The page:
The inner battle.
“There are more people who wish to be loved than there are willing to love.” S. R. N. Chamfort
“You give me your shield of victory, and your right hand sustains me; you stoop down to make me great. You broaden the path beneath me, so that my ankles do not turn.”
Psalm 18:35-36 NIV
David wrote the song that we call the eighteenth Psalm when the Lord delivered him from all his enemies and from the hand of Saul. God had brought David safely through many years of being on the run from King Saul and the army of Israel. God had told Samuel to anoint David as King even though Saul was still on the throne. It must have been a confusing time for the young man David. David knew all along that the battle belonged to the Lord, and after Saul had died in battle and David had become King, he gave credit where credit was due. The outward battle in David’s life had been victorious; it was the inward battle that he now faced that would turn out to be his greatest life-long challenge. There was a time in my life when I had overcome a great outward challenge only later to be defeated by my inward battles. I came home from Vietnam in 1968 after having spent a tour of duty as an airborne sergeant in a long-range recon unit. I completed one year of college in 1969 and decided to work for a while before I went back to school. I found a good job that required some walking, so I decided to exercise more to stay in shape. I bought a ten-speed bicycle and stared riding every day. I was soon riding 30 to 50 miles a day. In the summer of 1971 I decided to take a cross-country bicycle trip from Boulder to Kansas City. I planned a trip going north from Boulder, over into Nebraska, down into Kansas and across to Missouri. I made the ride in six days and on the last day I rode 170 miles. At that point in my life I felt like I could do anything. I had survived Vietnam, and was in great physical shape, I thought there was no obstacle to great for me. I remember one Saturday afternoon, the week I finished the bike trip, sitting in a bar and bragging on my trip. I felt like nothing could harm me so I bummed a Camel Cigarette, which led to picking up cigarettes again. I remember getting real drunk that day. I record in my memory that day as being the start of my inner battle that led me to complete defeat at the hands of alcohol and drugs. For the next twenty-five years the person that was so confident, and thought he could overcome anything, became a fearful drunken addict that could not keep his head above water for very long. There were times when I thought I was swimming pretty good, but then I would struggle and find myself once again gasping for air to stay alive. In the middle of my twenty-five year downward slide in life, I accepted Jesus Christ as my Lord and Savior. I thought my life will surly improve now, and it did. My spiritual life took direction and started to grow, but there were some thing in my personal life that I did not want to let go of. Smoking pot was one of them. That alone over the years kept me from having many blessings from God, and in time it always brought me back to alcohol and shooting dope. I was able to overcome great outward struggles, but the inward battle of self was being lost daily. Only after coming to complete defeat was I able to pick up the pieces of my life and move on. I knew of course that as I picked up the pieces that there were some pieces that I needed to leave lay. With the grace of a loving God, family that cares, an understanding church, AA and NA, and a sponsor that I can confide in, I have been able to continue in the grace and abundant life of God. September 12th it will be twenty years since I took a drink, smoked a joint, or shot any dope, I am truly grateful. God has done for me what I could not do for myself……………………………toad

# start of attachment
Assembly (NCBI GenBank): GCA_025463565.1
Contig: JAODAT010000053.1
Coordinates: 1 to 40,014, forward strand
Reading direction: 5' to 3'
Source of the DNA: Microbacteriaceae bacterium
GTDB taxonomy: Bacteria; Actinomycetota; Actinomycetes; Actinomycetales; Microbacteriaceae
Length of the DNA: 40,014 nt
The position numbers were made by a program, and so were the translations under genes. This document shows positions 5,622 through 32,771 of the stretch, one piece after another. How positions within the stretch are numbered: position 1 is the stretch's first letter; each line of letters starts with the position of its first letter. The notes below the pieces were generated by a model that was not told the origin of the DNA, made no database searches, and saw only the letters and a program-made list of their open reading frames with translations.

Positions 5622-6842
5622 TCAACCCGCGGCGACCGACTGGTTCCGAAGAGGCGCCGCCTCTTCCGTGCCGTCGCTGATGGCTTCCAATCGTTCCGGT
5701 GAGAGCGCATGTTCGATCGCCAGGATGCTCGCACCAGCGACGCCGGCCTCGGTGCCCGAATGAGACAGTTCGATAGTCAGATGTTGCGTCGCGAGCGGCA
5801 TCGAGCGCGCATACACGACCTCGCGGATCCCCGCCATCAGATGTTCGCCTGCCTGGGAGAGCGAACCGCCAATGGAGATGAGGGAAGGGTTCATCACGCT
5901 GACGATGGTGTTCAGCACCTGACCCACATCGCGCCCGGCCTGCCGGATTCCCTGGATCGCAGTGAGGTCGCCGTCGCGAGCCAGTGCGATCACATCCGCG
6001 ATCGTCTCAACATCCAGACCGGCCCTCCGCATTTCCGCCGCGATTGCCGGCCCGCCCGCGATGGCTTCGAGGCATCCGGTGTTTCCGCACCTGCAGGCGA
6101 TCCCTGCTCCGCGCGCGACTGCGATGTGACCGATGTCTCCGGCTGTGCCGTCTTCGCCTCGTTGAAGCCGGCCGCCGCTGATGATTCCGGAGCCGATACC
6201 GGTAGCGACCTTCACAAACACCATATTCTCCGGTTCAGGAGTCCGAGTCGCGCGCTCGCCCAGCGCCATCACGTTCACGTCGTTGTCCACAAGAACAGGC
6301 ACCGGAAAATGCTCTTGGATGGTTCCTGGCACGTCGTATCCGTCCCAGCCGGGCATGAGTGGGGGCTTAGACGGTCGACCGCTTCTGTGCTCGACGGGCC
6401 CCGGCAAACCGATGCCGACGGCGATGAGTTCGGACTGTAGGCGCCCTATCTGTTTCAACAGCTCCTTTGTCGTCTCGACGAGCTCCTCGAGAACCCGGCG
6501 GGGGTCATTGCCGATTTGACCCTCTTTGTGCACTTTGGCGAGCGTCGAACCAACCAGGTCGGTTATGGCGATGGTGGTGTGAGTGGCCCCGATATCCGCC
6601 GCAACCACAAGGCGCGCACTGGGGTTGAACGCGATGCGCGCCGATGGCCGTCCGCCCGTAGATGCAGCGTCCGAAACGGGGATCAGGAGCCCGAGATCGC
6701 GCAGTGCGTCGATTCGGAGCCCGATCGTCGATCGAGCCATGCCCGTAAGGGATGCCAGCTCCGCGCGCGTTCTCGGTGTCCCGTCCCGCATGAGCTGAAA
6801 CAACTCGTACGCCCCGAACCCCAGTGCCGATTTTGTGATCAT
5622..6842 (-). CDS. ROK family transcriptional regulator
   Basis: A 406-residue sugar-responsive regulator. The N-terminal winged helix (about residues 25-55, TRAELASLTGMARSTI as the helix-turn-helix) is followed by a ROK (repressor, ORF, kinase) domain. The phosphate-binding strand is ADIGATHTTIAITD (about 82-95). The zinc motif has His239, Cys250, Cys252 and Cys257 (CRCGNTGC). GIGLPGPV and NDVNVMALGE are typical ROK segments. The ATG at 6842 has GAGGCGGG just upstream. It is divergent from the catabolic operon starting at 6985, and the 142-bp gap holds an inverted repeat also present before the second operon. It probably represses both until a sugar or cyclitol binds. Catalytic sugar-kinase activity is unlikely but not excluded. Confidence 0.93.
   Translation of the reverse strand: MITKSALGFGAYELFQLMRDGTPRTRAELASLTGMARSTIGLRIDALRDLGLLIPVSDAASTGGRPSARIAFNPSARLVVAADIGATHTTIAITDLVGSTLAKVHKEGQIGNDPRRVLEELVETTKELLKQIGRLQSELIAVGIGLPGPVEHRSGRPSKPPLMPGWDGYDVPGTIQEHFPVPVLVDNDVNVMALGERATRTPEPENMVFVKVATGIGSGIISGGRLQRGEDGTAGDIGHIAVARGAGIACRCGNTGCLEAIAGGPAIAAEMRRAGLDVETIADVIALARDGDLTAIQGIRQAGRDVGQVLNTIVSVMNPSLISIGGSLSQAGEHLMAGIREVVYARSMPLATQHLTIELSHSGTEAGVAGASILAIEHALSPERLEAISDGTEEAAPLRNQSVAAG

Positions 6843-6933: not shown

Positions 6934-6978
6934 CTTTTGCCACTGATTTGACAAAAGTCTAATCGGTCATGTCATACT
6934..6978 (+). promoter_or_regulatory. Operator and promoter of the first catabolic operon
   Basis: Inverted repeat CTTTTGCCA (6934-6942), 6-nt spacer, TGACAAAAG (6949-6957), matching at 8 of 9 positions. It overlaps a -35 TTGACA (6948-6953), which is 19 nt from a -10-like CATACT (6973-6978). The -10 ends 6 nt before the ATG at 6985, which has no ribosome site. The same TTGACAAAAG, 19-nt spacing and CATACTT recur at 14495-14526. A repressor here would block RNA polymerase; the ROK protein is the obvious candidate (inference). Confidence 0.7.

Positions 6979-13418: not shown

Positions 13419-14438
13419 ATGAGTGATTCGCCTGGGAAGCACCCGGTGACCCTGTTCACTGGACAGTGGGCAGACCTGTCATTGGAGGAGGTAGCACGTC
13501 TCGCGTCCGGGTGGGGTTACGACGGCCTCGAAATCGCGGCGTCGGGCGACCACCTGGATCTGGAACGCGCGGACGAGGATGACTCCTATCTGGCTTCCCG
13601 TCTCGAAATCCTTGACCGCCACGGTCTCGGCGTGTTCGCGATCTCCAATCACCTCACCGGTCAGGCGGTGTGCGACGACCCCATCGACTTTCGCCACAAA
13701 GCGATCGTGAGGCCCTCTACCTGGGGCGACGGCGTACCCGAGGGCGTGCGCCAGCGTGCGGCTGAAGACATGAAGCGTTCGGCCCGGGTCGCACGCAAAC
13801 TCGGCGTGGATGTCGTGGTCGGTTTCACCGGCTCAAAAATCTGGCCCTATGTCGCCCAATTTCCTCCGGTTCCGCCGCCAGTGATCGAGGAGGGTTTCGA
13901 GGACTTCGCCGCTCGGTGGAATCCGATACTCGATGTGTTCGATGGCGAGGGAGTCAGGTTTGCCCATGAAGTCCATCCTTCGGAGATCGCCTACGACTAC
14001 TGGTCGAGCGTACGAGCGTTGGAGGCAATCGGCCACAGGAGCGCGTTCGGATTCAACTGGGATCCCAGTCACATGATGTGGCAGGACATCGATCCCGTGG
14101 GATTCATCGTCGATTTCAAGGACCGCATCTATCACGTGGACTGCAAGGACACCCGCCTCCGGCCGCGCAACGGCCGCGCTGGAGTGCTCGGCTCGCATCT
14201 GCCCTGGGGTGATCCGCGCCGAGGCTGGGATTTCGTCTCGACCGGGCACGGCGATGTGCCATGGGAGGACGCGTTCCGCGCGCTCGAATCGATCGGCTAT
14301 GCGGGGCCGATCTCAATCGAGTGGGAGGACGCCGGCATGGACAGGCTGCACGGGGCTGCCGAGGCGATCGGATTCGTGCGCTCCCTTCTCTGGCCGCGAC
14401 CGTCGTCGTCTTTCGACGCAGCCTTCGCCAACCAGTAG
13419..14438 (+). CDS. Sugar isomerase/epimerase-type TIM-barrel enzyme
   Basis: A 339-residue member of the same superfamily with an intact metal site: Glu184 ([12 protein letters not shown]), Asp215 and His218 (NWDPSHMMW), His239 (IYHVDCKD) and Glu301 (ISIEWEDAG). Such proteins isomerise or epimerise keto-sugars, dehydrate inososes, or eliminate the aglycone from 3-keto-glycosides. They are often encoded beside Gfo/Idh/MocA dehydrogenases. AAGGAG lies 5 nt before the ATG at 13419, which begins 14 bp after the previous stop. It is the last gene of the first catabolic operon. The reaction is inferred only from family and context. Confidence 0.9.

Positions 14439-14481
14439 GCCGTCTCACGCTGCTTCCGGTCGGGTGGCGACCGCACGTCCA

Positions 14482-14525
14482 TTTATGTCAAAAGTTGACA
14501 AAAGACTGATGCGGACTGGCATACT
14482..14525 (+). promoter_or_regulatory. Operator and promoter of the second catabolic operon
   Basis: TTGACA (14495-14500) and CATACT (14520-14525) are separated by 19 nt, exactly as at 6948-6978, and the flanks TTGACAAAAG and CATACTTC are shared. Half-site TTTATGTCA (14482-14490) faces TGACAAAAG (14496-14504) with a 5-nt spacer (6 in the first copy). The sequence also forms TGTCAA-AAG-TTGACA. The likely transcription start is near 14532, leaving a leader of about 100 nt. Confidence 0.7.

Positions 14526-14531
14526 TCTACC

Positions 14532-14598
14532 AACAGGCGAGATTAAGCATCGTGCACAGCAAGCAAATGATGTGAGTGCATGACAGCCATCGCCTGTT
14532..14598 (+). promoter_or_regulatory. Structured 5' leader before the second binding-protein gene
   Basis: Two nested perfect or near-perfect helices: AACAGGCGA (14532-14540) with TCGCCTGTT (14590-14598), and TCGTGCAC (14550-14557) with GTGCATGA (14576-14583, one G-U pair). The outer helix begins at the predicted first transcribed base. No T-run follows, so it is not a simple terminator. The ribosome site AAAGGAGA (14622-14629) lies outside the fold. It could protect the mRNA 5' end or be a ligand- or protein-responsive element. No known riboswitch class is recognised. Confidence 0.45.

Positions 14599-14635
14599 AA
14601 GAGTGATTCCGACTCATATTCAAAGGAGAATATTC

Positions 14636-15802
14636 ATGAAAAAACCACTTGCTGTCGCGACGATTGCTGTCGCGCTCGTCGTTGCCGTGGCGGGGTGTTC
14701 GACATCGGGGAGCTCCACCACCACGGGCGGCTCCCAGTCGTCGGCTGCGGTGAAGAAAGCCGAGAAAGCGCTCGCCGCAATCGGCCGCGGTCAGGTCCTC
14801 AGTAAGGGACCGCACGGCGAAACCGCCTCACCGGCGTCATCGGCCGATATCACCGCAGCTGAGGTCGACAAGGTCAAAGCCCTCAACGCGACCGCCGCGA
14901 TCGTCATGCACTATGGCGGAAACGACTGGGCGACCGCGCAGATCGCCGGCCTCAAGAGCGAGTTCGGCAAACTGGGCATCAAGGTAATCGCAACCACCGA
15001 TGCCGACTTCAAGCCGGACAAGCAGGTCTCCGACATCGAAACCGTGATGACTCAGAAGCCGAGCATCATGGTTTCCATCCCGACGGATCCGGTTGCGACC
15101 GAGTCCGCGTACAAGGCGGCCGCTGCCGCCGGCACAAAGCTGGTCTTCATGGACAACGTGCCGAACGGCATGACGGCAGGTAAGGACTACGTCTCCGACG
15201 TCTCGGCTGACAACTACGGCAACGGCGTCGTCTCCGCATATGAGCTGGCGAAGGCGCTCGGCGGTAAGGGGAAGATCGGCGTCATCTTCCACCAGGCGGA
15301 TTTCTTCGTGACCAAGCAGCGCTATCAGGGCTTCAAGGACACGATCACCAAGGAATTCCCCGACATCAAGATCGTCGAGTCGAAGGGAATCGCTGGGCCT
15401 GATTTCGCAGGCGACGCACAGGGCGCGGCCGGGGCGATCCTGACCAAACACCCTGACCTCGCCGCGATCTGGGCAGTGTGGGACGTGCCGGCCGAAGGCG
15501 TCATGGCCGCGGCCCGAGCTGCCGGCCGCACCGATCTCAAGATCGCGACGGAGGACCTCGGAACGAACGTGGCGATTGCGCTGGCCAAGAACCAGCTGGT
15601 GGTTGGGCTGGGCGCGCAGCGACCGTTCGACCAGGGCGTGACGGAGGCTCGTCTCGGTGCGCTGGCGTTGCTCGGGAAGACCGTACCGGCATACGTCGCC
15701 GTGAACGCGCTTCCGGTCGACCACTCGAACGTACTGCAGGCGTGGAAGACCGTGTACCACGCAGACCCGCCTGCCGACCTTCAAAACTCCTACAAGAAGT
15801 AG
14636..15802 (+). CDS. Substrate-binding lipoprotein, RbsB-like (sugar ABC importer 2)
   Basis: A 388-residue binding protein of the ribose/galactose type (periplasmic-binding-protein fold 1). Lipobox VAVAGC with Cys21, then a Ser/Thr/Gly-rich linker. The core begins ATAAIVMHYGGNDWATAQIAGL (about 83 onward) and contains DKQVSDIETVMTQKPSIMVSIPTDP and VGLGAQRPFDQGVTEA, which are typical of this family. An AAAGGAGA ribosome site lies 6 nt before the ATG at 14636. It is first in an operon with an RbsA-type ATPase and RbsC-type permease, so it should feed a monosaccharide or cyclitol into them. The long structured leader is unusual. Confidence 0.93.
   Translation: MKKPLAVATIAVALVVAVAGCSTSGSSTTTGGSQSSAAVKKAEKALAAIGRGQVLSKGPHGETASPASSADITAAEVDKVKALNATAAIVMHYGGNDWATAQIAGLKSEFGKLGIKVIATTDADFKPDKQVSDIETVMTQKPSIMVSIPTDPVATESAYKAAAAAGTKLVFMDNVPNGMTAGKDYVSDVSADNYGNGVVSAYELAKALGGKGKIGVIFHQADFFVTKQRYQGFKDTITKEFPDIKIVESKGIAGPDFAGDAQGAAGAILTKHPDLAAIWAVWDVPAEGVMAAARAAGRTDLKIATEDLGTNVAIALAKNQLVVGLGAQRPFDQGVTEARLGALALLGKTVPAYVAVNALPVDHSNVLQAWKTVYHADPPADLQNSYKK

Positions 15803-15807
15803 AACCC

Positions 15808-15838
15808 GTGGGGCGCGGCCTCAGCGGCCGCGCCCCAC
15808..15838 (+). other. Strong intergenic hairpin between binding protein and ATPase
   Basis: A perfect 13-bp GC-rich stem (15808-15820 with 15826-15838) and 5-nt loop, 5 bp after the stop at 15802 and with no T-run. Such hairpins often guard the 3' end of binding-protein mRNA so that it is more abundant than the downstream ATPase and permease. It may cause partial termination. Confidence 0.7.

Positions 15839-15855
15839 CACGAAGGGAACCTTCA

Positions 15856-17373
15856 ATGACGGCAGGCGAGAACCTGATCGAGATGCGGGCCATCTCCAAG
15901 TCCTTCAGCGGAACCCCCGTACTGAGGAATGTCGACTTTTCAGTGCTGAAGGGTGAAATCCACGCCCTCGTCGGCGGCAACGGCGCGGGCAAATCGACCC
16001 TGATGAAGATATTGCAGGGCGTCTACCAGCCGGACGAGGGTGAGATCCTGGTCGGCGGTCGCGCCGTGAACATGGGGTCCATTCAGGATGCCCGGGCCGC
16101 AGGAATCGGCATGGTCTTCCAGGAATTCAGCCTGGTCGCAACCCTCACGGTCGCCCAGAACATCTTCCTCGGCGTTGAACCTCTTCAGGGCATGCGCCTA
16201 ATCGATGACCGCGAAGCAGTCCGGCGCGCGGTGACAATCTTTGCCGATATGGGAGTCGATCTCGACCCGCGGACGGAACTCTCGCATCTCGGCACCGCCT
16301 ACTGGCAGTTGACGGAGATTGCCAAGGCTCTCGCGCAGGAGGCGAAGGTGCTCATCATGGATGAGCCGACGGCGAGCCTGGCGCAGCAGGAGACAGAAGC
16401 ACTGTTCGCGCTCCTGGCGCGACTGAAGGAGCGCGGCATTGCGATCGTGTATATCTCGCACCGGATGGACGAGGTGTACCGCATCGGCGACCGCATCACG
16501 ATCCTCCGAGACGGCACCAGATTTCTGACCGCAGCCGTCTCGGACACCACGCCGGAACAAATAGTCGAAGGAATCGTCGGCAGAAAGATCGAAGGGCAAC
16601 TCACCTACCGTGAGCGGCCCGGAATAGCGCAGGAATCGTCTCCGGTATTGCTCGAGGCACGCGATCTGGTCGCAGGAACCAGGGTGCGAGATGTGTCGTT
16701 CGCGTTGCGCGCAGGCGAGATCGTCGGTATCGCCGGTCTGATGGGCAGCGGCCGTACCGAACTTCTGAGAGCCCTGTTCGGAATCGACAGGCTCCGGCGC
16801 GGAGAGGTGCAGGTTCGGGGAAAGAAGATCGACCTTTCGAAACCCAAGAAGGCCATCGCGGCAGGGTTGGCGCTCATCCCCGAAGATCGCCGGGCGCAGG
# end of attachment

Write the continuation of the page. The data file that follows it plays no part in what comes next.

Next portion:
“Selfishness, self-centeredness! That, we think is the root of our troubles.” Alcoholics Anonymous, page 62
Combat Veterans Motorcycle Association
Patriot Guard Riders
2007 Road King Classic
96 C.I. Six-speed
"God is doing for me what I could not do for myself"